GAO Evaluates DOT Reorganization Benefits

Posted by Alexander Rossino on May 31, 2017

At the request of the House Committee on Transportation and Infrastructure, and in response to a March 2017 Executive Order calling on federal agencies to identify efficiency improvements that might be achieved through departmental reorganization, the Government Accountability Office (GAO) recently published a report titled, “DOT: Experts Identified Areas for Operational Improvements without Implementing Organizational Changes.” In this report, the GAO’s experts identified five areas for improvements that might be accomplished without reorganizing the Department of Transportation. These recommendations were identified because, as the report’s authors admit, the DOT had yet to “identify plans to conduct a department-wide review.”

The GAO put forward the following recommendations:

  • Collaboration and coordination: Additional efforts to collaborate among the nine modal administrations, state and local governments, and other federal agencies would better support the development of transportation projects.
  • Data quality and analytics: Prioritizing which data to collect and improving analytic capabilities could help DOT ensure data are effectively used. Experts stated DOT could do a better job identifying and improving data quality to answer specific, transportation-related questions.
  • Regulation development: Improving how regulations are developed could help DOT ensure the agency’s priorities are addressed and coordinated among all stakeholders.
  • Project delivery processes: Streamlining and making the project delivery processes more consistent across modal administrations could reduce barriers and challenges for state and local governments.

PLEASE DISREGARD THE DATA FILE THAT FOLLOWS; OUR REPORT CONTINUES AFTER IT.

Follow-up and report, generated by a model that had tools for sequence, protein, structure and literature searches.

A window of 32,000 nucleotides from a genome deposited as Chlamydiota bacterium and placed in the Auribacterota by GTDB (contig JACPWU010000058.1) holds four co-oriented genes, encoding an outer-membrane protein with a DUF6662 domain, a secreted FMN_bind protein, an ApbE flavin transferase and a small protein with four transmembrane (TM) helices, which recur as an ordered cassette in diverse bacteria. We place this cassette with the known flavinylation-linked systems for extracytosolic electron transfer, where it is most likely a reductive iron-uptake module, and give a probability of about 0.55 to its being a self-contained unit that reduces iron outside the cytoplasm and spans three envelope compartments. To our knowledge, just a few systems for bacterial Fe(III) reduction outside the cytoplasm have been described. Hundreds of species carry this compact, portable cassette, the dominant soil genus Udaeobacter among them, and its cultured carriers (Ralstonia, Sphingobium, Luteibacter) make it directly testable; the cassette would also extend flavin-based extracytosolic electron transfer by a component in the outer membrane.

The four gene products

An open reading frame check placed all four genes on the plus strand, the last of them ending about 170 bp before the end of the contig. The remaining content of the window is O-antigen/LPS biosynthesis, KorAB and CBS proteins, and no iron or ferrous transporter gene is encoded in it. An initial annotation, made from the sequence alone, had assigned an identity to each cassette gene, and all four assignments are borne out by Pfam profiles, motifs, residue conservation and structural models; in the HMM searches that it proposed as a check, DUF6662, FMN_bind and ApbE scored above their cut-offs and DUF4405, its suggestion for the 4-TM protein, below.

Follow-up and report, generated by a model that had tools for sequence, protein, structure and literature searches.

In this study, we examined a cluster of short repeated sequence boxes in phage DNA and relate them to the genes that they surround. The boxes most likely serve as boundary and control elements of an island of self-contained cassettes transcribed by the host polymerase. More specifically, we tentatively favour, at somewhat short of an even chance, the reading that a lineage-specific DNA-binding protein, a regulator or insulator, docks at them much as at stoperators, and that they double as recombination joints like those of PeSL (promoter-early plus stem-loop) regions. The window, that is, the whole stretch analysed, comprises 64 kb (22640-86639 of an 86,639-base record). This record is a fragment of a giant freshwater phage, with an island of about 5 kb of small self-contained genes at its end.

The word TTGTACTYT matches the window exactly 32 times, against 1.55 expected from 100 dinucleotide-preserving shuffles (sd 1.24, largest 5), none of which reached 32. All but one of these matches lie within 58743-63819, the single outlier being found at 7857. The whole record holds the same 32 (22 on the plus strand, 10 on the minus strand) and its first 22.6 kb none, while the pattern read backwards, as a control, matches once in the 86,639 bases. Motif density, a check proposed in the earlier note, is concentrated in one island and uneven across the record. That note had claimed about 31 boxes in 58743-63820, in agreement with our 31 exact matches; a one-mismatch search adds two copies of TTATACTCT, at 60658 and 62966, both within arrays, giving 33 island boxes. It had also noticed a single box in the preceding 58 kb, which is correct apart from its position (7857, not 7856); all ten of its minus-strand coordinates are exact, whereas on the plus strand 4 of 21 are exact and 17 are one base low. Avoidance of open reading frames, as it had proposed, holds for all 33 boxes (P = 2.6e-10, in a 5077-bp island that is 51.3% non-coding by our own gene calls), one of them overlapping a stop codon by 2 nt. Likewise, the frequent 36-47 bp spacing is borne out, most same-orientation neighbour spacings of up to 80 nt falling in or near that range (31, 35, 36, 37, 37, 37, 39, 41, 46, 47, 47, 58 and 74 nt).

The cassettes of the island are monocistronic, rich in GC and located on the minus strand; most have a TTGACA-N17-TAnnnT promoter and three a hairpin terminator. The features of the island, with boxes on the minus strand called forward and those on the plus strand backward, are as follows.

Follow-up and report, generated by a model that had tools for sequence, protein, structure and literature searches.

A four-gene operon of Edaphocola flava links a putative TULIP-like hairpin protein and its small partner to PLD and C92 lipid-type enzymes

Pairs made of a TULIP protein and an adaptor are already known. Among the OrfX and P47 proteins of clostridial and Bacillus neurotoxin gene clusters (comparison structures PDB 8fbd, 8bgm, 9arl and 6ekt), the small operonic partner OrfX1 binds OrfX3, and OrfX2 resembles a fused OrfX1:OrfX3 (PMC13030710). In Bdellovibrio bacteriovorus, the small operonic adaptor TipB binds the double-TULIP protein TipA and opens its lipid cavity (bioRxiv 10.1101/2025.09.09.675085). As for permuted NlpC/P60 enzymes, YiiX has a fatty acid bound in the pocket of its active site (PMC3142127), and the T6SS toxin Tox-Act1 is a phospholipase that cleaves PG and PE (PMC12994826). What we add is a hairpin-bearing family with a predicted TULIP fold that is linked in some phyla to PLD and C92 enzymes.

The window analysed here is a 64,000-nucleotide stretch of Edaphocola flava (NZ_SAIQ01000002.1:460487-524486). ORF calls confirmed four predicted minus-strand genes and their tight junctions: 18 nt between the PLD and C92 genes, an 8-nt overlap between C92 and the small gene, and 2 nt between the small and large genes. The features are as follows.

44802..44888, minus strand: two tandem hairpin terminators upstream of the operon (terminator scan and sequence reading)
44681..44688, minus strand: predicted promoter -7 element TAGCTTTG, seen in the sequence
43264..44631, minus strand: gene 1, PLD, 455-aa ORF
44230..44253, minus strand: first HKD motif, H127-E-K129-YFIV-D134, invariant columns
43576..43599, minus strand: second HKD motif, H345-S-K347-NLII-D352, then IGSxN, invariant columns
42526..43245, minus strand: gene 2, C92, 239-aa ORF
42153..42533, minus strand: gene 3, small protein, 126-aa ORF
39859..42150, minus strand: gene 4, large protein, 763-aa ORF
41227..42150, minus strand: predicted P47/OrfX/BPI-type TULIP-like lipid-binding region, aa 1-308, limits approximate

• Addressing emerging issues: Proactively focusing on how to address technological advancements (e.g., autonomous vehicles) and other emerging issues (e.g., safely transporting domestic oil and gas) could help DOT achieve its missions more efficiently and effectively.

Technology Dimensions

Because recommendations #2 and #5 deal explicitly with technology, I’ll focus on those to the exclusion of the others.

  • Data Quality and Analytics – This recommendation reveals that while DOT modalities collect massive amounts of data, they often do not use it to inform programmatic decisions. The expert team also raised concerns about the quality and accuracy of the data being collected. The story here is basically the same at most agencies; this being that while program offices have grasped collecting data, they continue to struggle with several challenges, including standardizing data to maximize its usability and implementing agency-wide analytical strategies.
  • Emerging Issues – The tsunami of data entering DOT databases promises to grow larger with the emergence of autonomous vehicles and intelligent transportation systems, a problem that DOT personnel admitted to the expert panel they have significant trouble handling. DOT modalities find themselves falling farther and farther behind private industry when it comes to dealing with “the rapid pace of technology development, data and coordination challenges, and the overall size and diversity of the transportation system.”

Implications

The GAO study makes clear that reorganization plans at the U.S. DOT haven’t yet gotten off the ground, meaning that industry won’t see a major impact on DOT business operations for some time. The study also points to the need for significant improvements in the DOT’s data governance strategy, use of big data analytics, and decision-making processes. Emerging technologies, to the extent that DOT modalities wish to leverage them, present additional challenges that promise to exacerbate the difficulties DOT personnel face. The solution to these challenges is for DOT’s component agencies to make greater use of commercial partners and technology in order to keep pace with the rate of technological advancement. Such an industry-centric strategy as this, however, can only come about after DOT components get their governance houses in order. The bottom line is that vendors offering big data solutions, particularly data strategy consulting services, should find plenty of business opportunities across the DOT as long as component budgets do not become too tight. 

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